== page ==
Kampala — The Speaker of Parliament, Rebecca Kadaga, has said it is regrettable the government has left Uganda's missions and embassies abroad to rot away.
"...governments that were blamed for being 'bad' managed to get us the most prestigious addresses anywhere," Ms Kadaga said during plenary on Thursday, April 12.
"And what have we done? We have got 'slums' there. In Brussels, we 'lost' the ambassador's residence."
She said Shs6 billion from Uganda's inflows from Nairobi, Kenya that should have been used to repair Uganda's Brussels ambassador's residence was instead channelled to the Uganda Consolidated Fund.
"We want that money sent to Brussels, Belgium. We are tired of the shame," Ms Kadaga added.
Her directive followed Aswa MP Reagan Okumu's statement many Ugandans get embarrassed when they are abroad and foreigners point out the dilapidated state of many a Ugandan mission or embassy abroad.
Mr Okumu said that while some MPs were in Moscow in Russia and Rome in Italy, other countries ambassadors expressed concern about the state of Uganda's property abroad.
"While we were in Russia, the [high commissioners] of Nigeria, Ghana and South Africa called us aside and they said 'shame on Uganda.
Uganda never used to be like this; look at where your [high commissioner is living, look at your chancery'!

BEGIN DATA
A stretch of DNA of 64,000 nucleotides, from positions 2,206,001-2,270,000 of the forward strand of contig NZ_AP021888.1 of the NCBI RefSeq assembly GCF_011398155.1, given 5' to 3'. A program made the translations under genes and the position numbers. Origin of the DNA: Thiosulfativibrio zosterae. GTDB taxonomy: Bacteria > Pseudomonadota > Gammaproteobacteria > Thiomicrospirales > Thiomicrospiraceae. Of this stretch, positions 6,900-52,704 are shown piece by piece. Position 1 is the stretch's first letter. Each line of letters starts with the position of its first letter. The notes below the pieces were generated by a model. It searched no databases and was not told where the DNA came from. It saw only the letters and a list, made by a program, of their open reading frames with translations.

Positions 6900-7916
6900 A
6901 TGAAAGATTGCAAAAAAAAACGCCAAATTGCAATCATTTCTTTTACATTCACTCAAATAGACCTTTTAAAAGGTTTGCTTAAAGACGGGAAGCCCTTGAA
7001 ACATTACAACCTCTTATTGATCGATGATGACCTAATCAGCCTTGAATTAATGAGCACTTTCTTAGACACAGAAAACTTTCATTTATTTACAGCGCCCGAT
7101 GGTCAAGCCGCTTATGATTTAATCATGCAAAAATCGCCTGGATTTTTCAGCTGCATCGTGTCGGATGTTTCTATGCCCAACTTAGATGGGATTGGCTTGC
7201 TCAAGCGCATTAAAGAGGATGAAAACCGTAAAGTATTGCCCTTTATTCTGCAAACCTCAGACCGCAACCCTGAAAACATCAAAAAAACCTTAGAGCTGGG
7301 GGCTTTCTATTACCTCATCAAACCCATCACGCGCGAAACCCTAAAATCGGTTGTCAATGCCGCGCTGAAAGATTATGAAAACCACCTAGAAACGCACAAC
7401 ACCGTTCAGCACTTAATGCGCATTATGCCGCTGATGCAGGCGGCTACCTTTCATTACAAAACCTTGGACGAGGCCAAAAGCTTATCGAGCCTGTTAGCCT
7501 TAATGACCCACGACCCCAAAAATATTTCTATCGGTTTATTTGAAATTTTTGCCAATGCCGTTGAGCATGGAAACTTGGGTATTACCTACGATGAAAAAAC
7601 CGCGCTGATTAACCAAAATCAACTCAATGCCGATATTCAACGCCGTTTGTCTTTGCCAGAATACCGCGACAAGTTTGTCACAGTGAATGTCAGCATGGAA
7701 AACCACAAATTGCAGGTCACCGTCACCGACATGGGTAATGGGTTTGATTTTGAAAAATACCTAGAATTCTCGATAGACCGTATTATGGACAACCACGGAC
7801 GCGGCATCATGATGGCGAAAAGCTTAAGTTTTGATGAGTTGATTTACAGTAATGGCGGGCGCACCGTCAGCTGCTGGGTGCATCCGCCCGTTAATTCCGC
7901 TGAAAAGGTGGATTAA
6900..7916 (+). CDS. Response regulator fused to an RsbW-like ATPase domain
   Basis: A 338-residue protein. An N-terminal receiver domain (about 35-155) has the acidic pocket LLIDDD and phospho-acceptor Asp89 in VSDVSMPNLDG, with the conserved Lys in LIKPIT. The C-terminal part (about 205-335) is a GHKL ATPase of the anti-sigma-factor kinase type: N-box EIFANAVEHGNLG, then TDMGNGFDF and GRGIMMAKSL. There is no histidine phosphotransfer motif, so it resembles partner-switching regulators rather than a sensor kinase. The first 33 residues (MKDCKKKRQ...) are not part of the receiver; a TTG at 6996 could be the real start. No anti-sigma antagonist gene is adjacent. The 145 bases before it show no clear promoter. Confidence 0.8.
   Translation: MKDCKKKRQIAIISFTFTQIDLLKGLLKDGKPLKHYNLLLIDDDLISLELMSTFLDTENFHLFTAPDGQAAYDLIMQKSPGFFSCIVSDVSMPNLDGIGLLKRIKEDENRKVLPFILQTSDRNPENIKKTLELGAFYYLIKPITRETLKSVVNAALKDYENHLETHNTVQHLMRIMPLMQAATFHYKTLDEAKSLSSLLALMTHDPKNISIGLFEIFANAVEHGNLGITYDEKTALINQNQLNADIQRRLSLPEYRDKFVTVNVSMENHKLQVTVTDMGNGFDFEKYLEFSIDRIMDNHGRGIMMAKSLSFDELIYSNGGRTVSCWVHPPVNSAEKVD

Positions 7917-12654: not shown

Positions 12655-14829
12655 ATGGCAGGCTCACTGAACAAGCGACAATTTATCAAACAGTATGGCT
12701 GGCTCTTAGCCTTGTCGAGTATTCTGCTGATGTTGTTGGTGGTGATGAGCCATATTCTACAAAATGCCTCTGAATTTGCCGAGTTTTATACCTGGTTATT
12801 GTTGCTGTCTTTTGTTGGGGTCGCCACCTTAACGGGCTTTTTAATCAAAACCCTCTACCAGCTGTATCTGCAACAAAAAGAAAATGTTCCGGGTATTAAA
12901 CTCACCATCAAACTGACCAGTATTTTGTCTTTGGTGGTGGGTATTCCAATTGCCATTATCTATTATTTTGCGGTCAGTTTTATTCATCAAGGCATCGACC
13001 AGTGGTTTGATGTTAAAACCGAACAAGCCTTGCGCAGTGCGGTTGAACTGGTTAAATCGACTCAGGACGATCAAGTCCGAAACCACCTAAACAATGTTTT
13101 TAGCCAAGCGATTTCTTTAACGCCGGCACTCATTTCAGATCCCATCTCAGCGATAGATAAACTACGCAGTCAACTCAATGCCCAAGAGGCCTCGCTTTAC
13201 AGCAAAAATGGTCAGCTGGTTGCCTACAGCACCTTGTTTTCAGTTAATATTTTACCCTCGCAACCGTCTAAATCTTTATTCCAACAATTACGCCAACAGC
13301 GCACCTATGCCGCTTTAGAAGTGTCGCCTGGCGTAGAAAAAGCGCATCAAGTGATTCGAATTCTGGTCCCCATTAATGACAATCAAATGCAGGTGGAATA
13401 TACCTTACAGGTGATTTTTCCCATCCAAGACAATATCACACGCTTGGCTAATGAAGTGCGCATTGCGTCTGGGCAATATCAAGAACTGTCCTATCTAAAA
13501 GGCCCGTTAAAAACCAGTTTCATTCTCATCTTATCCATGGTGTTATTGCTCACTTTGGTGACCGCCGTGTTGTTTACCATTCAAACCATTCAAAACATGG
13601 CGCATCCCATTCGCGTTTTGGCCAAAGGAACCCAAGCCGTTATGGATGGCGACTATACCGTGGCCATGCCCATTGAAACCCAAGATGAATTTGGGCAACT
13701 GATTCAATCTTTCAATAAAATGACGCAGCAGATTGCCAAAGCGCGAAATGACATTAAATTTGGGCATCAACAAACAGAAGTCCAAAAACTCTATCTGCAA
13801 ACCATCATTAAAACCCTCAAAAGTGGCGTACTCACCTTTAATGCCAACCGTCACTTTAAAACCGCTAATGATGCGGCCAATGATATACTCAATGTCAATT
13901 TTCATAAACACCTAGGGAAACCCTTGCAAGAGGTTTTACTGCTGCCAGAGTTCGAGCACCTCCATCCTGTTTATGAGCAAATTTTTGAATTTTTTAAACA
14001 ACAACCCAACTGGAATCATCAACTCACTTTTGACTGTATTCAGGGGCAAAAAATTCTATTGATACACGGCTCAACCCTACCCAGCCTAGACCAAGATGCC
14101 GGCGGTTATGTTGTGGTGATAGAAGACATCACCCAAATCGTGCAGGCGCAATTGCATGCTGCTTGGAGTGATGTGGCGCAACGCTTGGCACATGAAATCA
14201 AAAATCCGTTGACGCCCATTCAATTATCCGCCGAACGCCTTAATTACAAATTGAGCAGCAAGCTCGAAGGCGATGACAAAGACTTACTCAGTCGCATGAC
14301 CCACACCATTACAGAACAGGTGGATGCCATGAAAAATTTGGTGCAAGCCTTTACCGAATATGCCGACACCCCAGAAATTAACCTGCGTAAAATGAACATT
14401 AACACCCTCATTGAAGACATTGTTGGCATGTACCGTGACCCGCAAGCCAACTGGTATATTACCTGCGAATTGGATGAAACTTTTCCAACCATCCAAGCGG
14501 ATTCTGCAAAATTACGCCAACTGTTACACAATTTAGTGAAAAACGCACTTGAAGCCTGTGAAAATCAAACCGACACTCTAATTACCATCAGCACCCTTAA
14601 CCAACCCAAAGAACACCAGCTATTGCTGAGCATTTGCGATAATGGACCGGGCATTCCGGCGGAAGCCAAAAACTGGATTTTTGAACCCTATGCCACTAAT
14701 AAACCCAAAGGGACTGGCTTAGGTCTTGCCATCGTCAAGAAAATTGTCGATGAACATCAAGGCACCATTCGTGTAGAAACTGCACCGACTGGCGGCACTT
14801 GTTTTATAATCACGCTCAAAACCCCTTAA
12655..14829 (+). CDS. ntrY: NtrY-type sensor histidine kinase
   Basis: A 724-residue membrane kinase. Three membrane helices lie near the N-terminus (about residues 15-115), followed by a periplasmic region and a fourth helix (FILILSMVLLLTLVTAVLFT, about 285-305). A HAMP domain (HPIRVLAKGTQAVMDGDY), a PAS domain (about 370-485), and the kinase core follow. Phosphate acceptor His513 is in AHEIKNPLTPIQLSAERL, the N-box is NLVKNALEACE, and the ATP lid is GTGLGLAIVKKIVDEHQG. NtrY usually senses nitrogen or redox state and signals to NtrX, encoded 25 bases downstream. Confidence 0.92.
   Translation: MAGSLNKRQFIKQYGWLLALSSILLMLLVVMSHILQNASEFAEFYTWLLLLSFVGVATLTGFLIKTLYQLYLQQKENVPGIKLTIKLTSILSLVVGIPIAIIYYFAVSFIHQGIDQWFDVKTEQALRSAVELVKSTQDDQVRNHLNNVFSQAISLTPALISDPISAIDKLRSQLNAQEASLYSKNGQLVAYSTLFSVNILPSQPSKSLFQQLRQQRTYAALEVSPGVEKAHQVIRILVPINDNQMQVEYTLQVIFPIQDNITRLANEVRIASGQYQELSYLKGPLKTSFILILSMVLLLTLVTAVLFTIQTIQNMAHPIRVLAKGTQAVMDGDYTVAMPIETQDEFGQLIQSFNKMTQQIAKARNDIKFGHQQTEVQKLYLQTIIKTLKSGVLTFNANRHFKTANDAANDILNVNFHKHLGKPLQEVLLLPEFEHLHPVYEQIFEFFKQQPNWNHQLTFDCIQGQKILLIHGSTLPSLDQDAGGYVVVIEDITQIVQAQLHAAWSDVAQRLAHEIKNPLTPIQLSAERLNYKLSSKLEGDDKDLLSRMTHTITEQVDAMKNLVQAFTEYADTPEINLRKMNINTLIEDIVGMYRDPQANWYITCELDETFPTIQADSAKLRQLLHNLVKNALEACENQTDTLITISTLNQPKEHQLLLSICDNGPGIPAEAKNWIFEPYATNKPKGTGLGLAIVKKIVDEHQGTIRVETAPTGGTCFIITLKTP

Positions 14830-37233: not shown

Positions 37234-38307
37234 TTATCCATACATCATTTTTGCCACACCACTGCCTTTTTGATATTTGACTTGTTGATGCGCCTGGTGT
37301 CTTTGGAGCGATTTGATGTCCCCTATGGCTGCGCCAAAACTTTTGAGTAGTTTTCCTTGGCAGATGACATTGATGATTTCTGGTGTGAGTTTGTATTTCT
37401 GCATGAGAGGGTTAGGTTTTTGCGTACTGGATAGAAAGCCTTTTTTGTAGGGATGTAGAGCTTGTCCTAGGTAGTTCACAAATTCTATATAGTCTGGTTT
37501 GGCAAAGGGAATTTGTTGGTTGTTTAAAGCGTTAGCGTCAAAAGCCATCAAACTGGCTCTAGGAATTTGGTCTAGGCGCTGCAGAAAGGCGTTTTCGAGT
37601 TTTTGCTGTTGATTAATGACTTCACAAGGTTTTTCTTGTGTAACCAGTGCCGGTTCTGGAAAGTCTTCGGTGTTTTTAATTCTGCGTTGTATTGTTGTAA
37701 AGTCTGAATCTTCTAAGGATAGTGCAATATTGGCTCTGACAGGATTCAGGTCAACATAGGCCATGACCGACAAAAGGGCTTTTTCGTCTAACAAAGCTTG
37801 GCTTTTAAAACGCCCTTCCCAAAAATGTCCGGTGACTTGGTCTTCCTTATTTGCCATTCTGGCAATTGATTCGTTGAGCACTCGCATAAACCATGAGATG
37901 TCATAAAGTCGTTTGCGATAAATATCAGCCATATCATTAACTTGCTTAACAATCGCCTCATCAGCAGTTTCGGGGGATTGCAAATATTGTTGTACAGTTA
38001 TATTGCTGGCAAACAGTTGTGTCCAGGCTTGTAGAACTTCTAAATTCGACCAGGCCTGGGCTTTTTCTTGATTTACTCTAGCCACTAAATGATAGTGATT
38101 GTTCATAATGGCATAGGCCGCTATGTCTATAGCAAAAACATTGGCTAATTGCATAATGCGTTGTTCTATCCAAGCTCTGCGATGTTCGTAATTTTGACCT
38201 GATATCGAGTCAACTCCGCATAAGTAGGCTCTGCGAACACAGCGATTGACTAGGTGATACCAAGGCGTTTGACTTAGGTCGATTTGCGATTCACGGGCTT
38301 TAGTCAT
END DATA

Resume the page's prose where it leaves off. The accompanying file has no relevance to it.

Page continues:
"When we went to Rome [Italy], we were more embarrassed because our ambassador to Italy was travelling in a very old vehicle, which got stuck in a tunnel and cause traffic jam in Rome. The ambassador's car had to be towed," Mr Okumu said.
State Minister for Planning David Bahati said for the next Financial Year, the government has allocated Shs5 billion to its embassy in Belgium.
He added that the government is drawing up a plan on the renovation of its dilapidated missions and embassies.
"As we debate the budget for next financial year, let us look at our priorities," Mr Bahati said.
"If we think we can adjust the budget, then we do it - because the budget is now in the hands of Parliament and we can adjust to address and emerging issues that we think should be among the priorities."